Wait a minute...beef is okay to eat AND keep my heart healthy too? Yes, you read this correctly. No longer “taboo” for healthy, active lifestyles, nutrient-rich lean beef such as top sirloin steak can be enjoyed again without guilt. In fact, top sirloin meets the American Heart Association (AHA) certification as a lean cut of beef and heart-healthy choice. The AHA Heart-Check certification is one of the most trusted nutrition logos and claims on a food label.
Researchers at The Pennsylvania State University reported results from the BOLD (Beef in an Optimal Diet) study showed adding a daily serving of nutrient-packed lean beef to a heart-healthy diet could lower the risk of heart disease by reducing “LDL” (bad) cholesterol levels.
A three-ounce serving of lean sirloin (about the size of your smartphone) has about 150 calories plus the Daily Value (DV) of these nutrients:
Protein - 38% (for muscle growth and repair)
Vitamin B12 - 44% (important for brain health)
Selenium - 40% (protects cells from damage)
Zinc - 38% (strengthens the immune system)
According to research published in the Journal of the American Dietetic Association, beef is the number-one source of protein, zinc and Vitamin B12. It is the number-two source for selenium and number-three source for iron. Protein in beef promotes the feeling of satiety or fullness longer than simple carbohydrates. This means that, for people trying to curb their calories for weight loss, type II diabetes or other health reasons, eating a three-ounce serving of top sirloin in a meal not only provides important nutrients and energy, but it helps keep a person from feeling hungry for a longer period of time.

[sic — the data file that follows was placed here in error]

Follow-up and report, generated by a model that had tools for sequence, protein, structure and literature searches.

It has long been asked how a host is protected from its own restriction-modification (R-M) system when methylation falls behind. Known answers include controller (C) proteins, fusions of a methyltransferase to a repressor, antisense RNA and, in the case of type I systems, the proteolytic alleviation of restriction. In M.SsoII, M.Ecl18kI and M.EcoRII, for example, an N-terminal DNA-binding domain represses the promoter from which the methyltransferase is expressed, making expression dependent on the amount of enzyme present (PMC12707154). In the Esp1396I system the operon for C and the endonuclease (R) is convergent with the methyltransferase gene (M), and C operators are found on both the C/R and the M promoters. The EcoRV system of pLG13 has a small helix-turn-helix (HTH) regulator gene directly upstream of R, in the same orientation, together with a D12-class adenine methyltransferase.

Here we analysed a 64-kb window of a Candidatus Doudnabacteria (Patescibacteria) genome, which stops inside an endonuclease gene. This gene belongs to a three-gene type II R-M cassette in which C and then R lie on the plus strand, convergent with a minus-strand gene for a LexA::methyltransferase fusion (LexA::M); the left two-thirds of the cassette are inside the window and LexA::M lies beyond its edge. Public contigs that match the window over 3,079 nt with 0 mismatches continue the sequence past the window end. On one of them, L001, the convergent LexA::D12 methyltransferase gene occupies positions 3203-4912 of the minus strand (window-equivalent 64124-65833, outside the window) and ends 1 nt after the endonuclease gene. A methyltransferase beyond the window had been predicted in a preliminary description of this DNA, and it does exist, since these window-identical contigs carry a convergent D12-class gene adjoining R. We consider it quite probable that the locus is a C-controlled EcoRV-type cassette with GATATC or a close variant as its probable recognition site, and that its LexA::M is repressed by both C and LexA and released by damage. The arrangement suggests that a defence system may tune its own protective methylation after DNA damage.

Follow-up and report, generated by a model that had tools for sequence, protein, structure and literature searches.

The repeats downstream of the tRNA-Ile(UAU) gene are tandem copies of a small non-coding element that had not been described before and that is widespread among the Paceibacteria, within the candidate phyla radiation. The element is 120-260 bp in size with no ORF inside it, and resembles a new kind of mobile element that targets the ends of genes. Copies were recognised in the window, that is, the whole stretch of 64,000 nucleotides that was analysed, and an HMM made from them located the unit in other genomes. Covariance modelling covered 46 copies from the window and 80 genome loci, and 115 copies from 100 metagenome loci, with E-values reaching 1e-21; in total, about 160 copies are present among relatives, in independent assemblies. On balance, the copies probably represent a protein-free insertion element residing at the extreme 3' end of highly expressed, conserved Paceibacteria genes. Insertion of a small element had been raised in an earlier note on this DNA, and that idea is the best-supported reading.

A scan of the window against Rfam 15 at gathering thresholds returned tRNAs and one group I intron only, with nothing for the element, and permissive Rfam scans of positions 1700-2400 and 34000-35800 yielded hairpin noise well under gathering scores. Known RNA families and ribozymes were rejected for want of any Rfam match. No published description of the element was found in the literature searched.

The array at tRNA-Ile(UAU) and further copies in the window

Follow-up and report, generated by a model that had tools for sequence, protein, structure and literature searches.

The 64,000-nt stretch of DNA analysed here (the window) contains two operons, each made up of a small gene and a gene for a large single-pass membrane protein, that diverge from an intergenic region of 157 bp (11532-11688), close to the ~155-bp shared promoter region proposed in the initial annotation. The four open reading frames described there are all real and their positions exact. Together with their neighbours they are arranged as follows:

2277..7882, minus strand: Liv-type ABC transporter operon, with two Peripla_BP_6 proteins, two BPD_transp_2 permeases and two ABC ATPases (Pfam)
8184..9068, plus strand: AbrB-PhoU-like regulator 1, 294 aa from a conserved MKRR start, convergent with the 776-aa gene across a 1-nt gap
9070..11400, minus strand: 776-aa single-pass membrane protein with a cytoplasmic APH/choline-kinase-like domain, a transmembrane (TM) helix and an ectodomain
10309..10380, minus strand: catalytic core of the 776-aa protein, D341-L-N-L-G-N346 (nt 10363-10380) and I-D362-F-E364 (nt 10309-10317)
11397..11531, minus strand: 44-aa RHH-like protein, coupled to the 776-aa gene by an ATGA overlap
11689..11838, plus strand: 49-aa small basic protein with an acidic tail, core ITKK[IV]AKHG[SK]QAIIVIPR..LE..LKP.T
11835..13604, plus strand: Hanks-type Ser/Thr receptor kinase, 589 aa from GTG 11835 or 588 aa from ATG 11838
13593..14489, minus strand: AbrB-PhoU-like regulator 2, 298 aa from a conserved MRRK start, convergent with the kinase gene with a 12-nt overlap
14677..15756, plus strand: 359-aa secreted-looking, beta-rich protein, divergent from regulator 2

Here are some tips and reminders for preparing your delicious beef sirloin;
It’s not necessary to bring beef to room temperature before cooking. This practice does not provide any flavor or cooking advantage. For food safety reasons, it’s best to cook meat straight from the refrigerator to keep bacteria levels at a minimum.
When stir-frying sirloin, partially freeze the steak prior to preparation. It will slice easier into thin, equal-thickness strips.
Pat steaks dry with paper towels before pan-searing to get better browning that seals in the juices. When grilling or broiling, use tongs rather than a meat fork. The fork tines will pierce the steak, causing the flavorful juices to seep out while tongs will not cause this.
Many recipes using sirloin steak are quick and easy. The following recipes take less than 30 to 35 minutes to prepare. Enjoy the powerful health benefits of lean beef!
Beef and Cabbage Stir-Fry with Peanut Sauce
All you need
1/4 cup Hy-Vee smooth natural peanut butter
1/3 cup orange juice
3 tbsp reduced-sodium soy sauce
1 tbsp rice vinegar
2 tsp sugar
4 tsp Hy-Vee canola oil, divided
3 cloves garlic, minced
1 pound Hy-Vee sirloin steak, trimmed and thinly sliced
1 small head Savoy cabbage, thinly sliced
2 to 5 tbsp water
2 medium carrots, grated
1/4 cup chopped unsalted roasted peanuts, optional
All you do
1. Whisk peanut butter, orange juice, soy sauce, vinegar and sugar in a medium bowl until smooth.
2. Heat 2 teaspoons oil in a wok or large skillet over medium-high heat. Add garlic and cook, stirring, for 30 seconds. Add steak; cook, stirring, until browned and barely pink in the middle, 2 to 4 minutes. Transfer to a bowl.
3. Reduce heat to medium. Swirl in the remaining 2 teaspoons oil. Add cabbage and 2 tablespoons water; cook, stirring, until beginning to wilt, 3 to 5 minutes. Add carrots (and more water if necessary to prevent sticking); cook, stirring, until just tender, about 3 minutes more. Return the steak and any juices to the pan; add the peanut sauce and toss to combine. Serve sprinkled with peanuts (if using).
Nutrition facts per serving: 364 calories, 17g fat, 3g saturated fat, 42mg cholesterol, 469mg sodium, 23g carbohydrate, 7g fiber, 31g protein. Daily values: 140% vitamin A, 110% vitamin C.
Source: adapted from Eating Well, Inc.
The information is not intended as medical advice. Please consult a medical professional for individual advice.